“Cow’s milk without cows” will be in Israeli shops by 2023, after a start-up raised a record $13m (£9.7m) in seed funding from investors to help it make traditional dairy products from microorganisms.
The Tel Aviv-based Imagindairy, which announced its seed funding result on Wednesday, said the milk it produced would be identical to cow’s milk, but the cow, and her associated methane, would be replaced by fungi or other plant microorganisms programmed to produce milk proteins.
At its most basic, the programming process involves inserting DNA instructions for the production of whey and casein, the principal milk proteins, into the microorganisms. To turn the whey and casein proteins produced by the microorganisms into cow-free milk and dairy, Imagindairy will add plant-based fat, sugar and water.
Methane-free cow’s milk could significantly reduce the impact of climate change and deforestation, NGOs believe. Livestock rearing is responsible for about 32% of human-generated methane, mainly from the planet’s billion-plus cattle. Cutting methane emissions is thought to be the strongest lever available to slow climate heating over the next 25 years.
There are already huge numbers of alternative milks on the market and recent years have seen massive expansions in demand for oat milk, soy milk, almond milk and other varieties, which make “milk” from other substitutes.
But cellular agriculture companies working to produce animal-free meat, dairy and fish have struggled to do so at a commercial scale. To date the only other company producing small commercial amounts of cow-free dairy is the US-based business Perfect Day
The founder and chief executive of Imagindairy, Eyal Afergan, said his process would be similar to that of Perfect Day but because his team had developed a simpler way to isolate the milk proteins from the microorganisms it would be easier to scale up.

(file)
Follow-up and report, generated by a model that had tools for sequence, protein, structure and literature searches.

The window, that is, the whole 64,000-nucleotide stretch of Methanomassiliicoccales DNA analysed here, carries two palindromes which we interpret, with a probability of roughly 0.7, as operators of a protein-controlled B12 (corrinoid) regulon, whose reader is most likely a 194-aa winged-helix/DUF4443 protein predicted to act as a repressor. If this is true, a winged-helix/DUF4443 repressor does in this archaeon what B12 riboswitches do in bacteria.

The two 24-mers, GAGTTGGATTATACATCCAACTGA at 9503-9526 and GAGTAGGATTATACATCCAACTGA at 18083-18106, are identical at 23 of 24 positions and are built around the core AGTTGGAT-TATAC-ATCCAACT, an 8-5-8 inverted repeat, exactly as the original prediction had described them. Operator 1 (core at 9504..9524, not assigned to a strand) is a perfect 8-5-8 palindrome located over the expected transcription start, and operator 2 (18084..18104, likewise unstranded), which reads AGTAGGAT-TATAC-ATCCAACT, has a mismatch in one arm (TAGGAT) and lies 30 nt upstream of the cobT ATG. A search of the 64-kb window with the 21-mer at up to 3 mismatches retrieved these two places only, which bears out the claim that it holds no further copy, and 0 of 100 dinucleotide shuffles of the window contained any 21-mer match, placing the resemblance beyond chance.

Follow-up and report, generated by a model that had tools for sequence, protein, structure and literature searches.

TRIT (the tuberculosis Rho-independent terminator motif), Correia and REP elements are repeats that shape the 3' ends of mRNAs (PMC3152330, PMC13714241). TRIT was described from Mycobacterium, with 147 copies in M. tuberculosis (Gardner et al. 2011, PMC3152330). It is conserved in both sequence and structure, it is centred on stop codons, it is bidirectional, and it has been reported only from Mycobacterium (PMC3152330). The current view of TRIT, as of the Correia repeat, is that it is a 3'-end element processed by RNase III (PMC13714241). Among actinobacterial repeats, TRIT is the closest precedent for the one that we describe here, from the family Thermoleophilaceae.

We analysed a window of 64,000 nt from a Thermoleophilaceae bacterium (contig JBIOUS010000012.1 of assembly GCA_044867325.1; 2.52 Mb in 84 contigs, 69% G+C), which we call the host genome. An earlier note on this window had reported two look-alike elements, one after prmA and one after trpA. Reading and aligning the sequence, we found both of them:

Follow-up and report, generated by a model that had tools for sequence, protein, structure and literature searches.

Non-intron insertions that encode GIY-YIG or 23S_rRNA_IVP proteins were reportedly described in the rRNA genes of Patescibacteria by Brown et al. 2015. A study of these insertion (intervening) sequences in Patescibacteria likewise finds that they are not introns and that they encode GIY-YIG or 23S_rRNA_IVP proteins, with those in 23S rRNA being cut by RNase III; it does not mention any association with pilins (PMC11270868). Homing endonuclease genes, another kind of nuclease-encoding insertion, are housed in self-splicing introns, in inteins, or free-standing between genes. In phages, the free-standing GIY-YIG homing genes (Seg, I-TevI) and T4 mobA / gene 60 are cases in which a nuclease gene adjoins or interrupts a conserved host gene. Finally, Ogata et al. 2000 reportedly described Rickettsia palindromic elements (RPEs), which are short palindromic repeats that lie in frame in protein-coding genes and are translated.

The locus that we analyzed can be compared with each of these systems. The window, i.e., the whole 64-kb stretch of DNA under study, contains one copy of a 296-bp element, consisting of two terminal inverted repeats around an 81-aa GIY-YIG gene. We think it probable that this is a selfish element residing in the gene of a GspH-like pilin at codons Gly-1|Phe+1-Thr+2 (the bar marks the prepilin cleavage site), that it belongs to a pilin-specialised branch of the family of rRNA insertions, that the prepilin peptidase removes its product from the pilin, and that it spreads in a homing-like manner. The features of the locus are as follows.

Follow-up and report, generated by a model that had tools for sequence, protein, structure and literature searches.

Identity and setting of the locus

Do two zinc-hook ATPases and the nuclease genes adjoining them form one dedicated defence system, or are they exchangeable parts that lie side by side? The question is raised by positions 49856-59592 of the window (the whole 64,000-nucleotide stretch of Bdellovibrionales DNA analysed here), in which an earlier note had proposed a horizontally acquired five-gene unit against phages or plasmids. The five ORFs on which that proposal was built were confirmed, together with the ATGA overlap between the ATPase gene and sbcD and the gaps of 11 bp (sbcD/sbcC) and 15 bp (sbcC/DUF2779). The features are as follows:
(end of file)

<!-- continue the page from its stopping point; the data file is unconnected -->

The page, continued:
Afergan added that his company’s milk only required 10% of the water needed to produce traditional cow’s milk and 1% of the land. The 1% included the land needed to produce carbon and nitrogen sources to feed the microorganisms.
Average seed funding, the first investments a company receives, for start-ups using microorganisms and fermentation to produce animal proteins was $2m, a recent analysis found, and the maximum investment was $7m. The analysis was compiled by the Good Food Institute (GFI), a non-profit organisation that supports animal-free protein production.
Carlotte Lucas, GFI’s European corporate engagement manager, said if Imagindairy did begin producing commercial levels of “cow milk without cows” by 2023, it would be “a gamechanger in terms of significantly reducing methane emissions from the dairy sector”.
Lucas said the $13m raised by Imagindairy was part of recent investment surge in companies producing animal proteins from microorganisms and fermentation. In the first three quarters of 2021, she said, investments jumped to $1.3bn, well above the $597m invested during the full year 2020.
With a new survey finding that 23% of European flexitarians were “very likely” to eat alternative cheese products if the product was identical to conventional cheese, the emergence of cow-free dairy could be transformational, said Stephanie Jaczniakowska-McGirr, the head of food industry and retail at the campaign group ProVeg International.
If more people switched to an identical product that was methane and cow free, she added, then “we are on our way to a complete transformation of the food system that would help us to meet the 1.5C climate target” and “significantly reduce the 70% of worldwide deforestation linked to clearing land for animals and growing their feed”. ProVeg International aims to halve animal protein reliance by 2040.
Commenting on the money raised by Imagindairy, Tom Dunne, the vice-president of European Dairy Farmers, said it was impossible to recreate cow’s milk in a lab. “It will always be missing something. The main elements might be there, but not everything you would find in cow’s milk,” he said. “Cows are a million-year-old natural system for producing milk. Do you want to feed something from a lab to your kids and then only find out later it might not be quite right? It’s Frankenstein stuff.”